Thus, while the revenue threshold seems like it would include many startup (and more than a few established) companies, examination of both the definition of “small business” as well as “employ” under the statute tells us that few Arizona businesses would qualify as exempt from having to pay minimum wage simply by virtue of the revenue amount.
In fact, businesses like barbers and janitors are some of the examples of small businesses that the Industrial Commission of Arizona Labor Department has determined may meet the exemption.
Make sure your startup’s independent contractors are, well, independent contractors
If your startup or e-commerce business’ model revolves around matching potential “gig” workers with end customers, who in turn set or establish the compensation to such workers, we recommend you have solid terms and conditions in place with the gig worker utilizing your platform.
Your agreement with them should clarifying that they, in fact, are independent contractors, responsible for their own hours, payment of taxes, the manner of accomplishing the tasks, can have other clients they service, will be using their own tools or equipment, etc., etc.
Moreover, it is not a bad idea to copy such provisions into your general website or app Terms of Service or -Use, notably in the section dealing with the gig worker as a user or service provider under your platform. However, you should take care to review your agreements carefully to make sure that such provisions are consistent across both.
Finally, here in Arizona at least, have the gig worker complete and sign a “Declaration of Independent Business Status” or “DIBS” with your startup. We’ve discussed the importance of the DIBS for Arizona businesses in an earlier post, but the DIBS language (if done correctly) can offer your company a safe harbor of sorts for your use of independent contractors, helping your businesses prove the existence of the independent contractor relationship if the nature of the relationship is ever called into question.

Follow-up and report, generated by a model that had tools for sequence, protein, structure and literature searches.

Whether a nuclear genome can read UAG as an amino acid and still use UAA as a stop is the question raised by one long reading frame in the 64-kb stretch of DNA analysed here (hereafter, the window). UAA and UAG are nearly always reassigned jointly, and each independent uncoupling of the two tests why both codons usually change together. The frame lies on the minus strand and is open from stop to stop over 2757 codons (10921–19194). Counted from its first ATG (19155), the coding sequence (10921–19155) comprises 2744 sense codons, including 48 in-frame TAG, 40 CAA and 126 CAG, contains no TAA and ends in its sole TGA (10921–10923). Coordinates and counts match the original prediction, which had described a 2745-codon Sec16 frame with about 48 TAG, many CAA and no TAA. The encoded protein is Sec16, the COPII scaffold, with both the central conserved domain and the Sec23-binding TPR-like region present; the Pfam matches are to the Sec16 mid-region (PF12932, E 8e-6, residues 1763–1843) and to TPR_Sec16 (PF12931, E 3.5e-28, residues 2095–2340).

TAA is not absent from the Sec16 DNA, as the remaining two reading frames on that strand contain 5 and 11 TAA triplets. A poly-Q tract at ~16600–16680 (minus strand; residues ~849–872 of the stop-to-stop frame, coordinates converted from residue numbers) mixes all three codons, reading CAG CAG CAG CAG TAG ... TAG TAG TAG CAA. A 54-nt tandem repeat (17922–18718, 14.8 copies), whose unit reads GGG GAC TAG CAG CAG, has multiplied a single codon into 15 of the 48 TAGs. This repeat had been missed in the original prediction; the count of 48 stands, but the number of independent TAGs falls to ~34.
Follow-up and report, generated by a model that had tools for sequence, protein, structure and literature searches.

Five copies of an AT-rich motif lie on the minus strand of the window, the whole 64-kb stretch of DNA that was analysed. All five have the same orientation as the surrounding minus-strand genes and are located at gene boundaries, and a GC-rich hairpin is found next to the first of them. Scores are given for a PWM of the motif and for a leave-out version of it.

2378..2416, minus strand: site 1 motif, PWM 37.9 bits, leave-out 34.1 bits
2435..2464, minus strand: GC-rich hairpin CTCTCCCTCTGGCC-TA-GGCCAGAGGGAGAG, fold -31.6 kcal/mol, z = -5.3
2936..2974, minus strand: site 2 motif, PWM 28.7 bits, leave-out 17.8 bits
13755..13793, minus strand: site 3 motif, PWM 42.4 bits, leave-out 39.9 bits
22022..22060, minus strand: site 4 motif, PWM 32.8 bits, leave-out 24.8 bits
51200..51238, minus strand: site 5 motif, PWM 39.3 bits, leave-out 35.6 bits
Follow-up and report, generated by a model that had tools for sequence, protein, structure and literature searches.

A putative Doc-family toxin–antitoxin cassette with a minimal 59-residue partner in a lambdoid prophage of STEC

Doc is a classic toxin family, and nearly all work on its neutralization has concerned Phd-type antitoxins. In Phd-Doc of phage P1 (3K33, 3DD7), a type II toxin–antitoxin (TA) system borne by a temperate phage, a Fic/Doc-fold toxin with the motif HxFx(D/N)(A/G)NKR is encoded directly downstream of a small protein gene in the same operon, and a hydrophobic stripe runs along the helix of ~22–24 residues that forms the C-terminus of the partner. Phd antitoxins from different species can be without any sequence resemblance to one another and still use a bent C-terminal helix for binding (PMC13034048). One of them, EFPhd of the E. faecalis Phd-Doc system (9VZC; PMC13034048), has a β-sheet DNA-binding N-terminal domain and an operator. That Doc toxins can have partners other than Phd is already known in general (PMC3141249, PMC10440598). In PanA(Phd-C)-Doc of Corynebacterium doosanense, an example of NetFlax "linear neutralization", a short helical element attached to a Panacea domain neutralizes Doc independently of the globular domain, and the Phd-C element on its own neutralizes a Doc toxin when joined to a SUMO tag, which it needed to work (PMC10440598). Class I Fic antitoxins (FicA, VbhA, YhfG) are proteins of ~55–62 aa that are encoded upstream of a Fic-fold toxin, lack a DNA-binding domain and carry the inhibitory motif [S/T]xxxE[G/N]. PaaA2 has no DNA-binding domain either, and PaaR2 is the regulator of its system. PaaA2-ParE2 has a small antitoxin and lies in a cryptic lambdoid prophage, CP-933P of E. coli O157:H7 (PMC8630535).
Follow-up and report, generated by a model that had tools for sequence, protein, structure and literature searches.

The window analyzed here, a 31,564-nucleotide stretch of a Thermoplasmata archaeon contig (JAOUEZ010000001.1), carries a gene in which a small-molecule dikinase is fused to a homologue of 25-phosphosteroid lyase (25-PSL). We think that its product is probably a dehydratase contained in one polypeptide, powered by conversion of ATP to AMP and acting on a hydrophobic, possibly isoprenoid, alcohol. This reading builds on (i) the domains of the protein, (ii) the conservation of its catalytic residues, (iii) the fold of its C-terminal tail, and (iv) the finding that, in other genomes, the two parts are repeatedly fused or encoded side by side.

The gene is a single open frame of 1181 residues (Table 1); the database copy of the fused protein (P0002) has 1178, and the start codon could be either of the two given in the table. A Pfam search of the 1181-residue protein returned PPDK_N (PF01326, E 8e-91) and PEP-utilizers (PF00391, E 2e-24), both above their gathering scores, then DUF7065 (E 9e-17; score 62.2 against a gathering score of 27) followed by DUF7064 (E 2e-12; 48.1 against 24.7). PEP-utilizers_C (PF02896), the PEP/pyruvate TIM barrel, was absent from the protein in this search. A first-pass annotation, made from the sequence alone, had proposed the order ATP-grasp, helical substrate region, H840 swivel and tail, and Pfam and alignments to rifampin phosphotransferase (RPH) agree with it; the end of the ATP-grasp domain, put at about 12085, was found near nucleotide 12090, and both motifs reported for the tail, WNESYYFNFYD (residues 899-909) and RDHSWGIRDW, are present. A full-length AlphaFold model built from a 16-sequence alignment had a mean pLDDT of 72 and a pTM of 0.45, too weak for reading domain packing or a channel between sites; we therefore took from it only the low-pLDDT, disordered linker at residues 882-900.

Sure, that full stack developer or UI consultant you’ve brought in on a contract basis to handle a project for your startup will almost certainly be working for more than minimum wage. But, if your startup’s minimum viable product relies on gig workers then there are some basic steps you should take to help your chances of not being considered an “employer” that is employing a worker subject to Arizona’s minimum wage requirement.
You should understand that the part-time nature of that “gig” worker does not automatically insulate your company from possibly having to pay them minimum wage.
However, as Arizona’s minimum wage laws apply only to the payment of wages to employees, provided your “gig” workers are truly independent contractors, then your startup company will likely fall under the exemption afforded under Arizona law.
Image courtesy of Peter Fazekas via Pexels
Ben Bhandhusavee is the Managing Attorney for BHANDLAW, PLLC, a startup, technology, and e-commerce law practice advising founders and management teams on company startup, corporate and technology transactions, e-commerce, as well as Internet privacy concerns. The firm serves corporate and individual clients throughout Arizona, the United States, and internationally. Our offices are conveniently located along the Camelback corridor in Phoenix’s financial district. For more information about our Company Startup practice, feel free to reach out using the contact form on the right or call us at (602) 222-5542 to schedule a meeting. Connect with Ben on LinkedIn or Avvo.